Like others who have visited the area, he notes that most of the well-known fall color locations along the route remain mostly green or lime (Caples Lake, CA-88; Monitor Pass, CA-89; June Lake and Convict Lake), though promising yellow is emerging at the highest elevations: (above Mono Lake and on individual trees at June Lake).

For those judging whether to head to the east side or not, it is still a bit early, though emerging color can be seen and it will continue to improve through the last two weeks of September, particularly at the highest elevations.

How’s that for a forecast?

NBC Bay Area Ready for Foliage

Tue ,23/08/2016
NBC Bay Area

NBC Bay Area

Always an encouraging sign is when other media notice our reports.  NBC Bay Area is one of them.

Posted this week on their blog (which is consistently on top of trends) was the declaration from blogger Alysia Gray Painter that though “the autumn equinox is still a month off… a popular leaf-peeping blog (hey, that’s us!) is up and running for 2016.”

OK, so we’re “popular” but not yet trending. Nonetheless, that’s still about as early a nod as California Fall Color has ever gotten.

Could it be that more than we are anxious to see autumn arrive?

Sierra Nevada Tree Identifier

Tue ,23/08/2016
Sierra Nevada Tree Identifier, Jim Paruk

Sierra Nevada Tree Identifier, Jim Paruk

Jim Paruk’s Sierra Nevada Tree Identifier is an indispensable tool for fall color photographers and viewers.

The 126-page book includes black and white illustrations by Elizabeth Morales (needles, leaves, fruit, nuts, flowers/bracts, cones and pods) and detailed descriptions of 44 native trees found in the Sierra Nevada.

Paruk points out that “By knowing your approximate altitude, field identification of certain trees can be greatly simplified,” noting that “similarly-appearing sugar and western white pines grow at different elevations (the sugar pine is lower).”

The book is particularly helpful in identifying cone-bearing trees (pine, nutmeg, yew, fir, hemlock, cedar, sequoia and juniper), though for the fall color viewer, it is helpful in separating broad-leaved trees, as well. Of particular help is the section on willows, whose leaves are identical to the untrained eye.

An important omission, however, is any description of fall color to be seen in the leaves. Paruk fails to specify colors commonly displayed by Sierra Nevada trees (e.g., California black oak leaves turn orange in autumn).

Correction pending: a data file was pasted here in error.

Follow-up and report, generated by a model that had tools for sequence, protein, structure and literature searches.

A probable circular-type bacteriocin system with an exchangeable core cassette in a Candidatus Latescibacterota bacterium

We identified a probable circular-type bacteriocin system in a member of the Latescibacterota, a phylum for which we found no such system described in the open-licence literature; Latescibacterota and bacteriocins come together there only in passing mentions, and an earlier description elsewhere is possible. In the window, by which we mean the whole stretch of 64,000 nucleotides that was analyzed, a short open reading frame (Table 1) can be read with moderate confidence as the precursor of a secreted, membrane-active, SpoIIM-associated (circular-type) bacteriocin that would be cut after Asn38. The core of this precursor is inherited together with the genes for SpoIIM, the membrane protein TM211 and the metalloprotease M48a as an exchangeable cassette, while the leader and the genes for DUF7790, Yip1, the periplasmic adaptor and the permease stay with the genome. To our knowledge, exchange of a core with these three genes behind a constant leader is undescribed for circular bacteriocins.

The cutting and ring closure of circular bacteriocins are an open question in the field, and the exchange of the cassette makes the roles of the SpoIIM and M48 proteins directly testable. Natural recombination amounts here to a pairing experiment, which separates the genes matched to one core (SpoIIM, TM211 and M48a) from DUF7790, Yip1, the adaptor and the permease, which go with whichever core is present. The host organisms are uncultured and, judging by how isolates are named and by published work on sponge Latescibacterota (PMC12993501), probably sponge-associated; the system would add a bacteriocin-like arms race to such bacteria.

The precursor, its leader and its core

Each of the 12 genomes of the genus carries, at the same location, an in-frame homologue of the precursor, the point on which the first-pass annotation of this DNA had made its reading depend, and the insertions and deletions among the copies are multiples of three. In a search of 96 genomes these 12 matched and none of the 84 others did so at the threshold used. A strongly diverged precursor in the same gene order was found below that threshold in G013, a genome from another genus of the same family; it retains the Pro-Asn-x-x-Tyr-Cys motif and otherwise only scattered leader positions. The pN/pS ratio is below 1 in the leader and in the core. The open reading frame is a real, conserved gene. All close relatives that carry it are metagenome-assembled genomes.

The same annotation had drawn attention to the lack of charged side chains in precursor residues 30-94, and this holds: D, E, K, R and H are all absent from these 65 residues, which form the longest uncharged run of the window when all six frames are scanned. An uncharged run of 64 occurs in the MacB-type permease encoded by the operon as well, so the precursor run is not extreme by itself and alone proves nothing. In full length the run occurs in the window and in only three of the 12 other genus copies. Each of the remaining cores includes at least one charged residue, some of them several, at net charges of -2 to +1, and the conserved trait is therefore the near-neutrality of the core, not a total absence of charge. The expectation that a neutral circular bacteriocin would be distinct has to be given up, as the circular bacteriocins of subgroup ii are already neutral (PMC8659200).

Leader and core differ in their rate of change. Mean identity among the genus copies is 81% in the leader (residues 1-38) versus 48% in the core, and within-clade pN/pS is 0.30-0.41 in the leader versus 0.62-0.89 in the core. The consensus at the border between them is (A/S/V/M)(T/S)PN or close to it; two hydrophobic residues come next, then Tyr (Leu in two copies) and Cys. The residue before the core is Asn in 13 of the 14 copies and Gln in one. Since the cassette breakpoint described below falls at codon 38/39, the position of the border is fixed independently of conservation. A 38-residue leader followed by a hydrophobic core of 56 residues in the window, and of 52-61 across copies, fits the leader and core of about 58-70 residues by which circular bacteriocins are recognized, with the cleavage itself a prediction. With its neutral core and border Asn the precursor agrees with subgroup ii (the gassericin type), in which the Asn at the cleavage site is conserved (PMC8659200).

Published by the Yosemite Conservancy, the book is available at Amazon.com and is sold at the California Welcome Center in Mammoth Lakes for $9.95.

Best Outdoor Site in California

Sun ,22/05/2016

CaliforniaFallColor.com was named California’s Best Outdoor Internet Site tonight by the Outdoor Writers Association of California.

Last year, OWAC named CaliforniaFallColor.com the state’s Best Outdoor Medium.

We express our thanks to our readers and contributors who have helped make CaliforniaFallColor.com what it is.

How Will Climate Change Affect Fall Color?

Tue ,17/11/2015

DNews offers its view of what’s happening to fall color, because of climate change.  Will it mean that pumpkin spice lattes will be a summer drink, in the future?

DNews reports that as a result of global warming, hardwood forests are moving north at a pace of 6.25 feet a year.  That means that in only 1.4 million years, there’ll be no fall color maples and birch left to see in the contiguous 48 U.S. states!

Learn all of DNews’ horrifying predictions by viewing this video:

 

Seeing From A New Perspective

Mon ,02/11/2015
Little Walker Lake (10/19/14) Alicia Vennos

Little Walker Lake (10/19/14) Alicia Vennos

“This could be the best fall ever. Why not?,” Los Angeles Times columnist Chris Erskine poses, while musing over whether a splash of leftover coffee in his onions made them better.

His random tome challenges us to see life from a new perspective, and that autumn is the season that forces introspection.  CLICK HERE to read his column.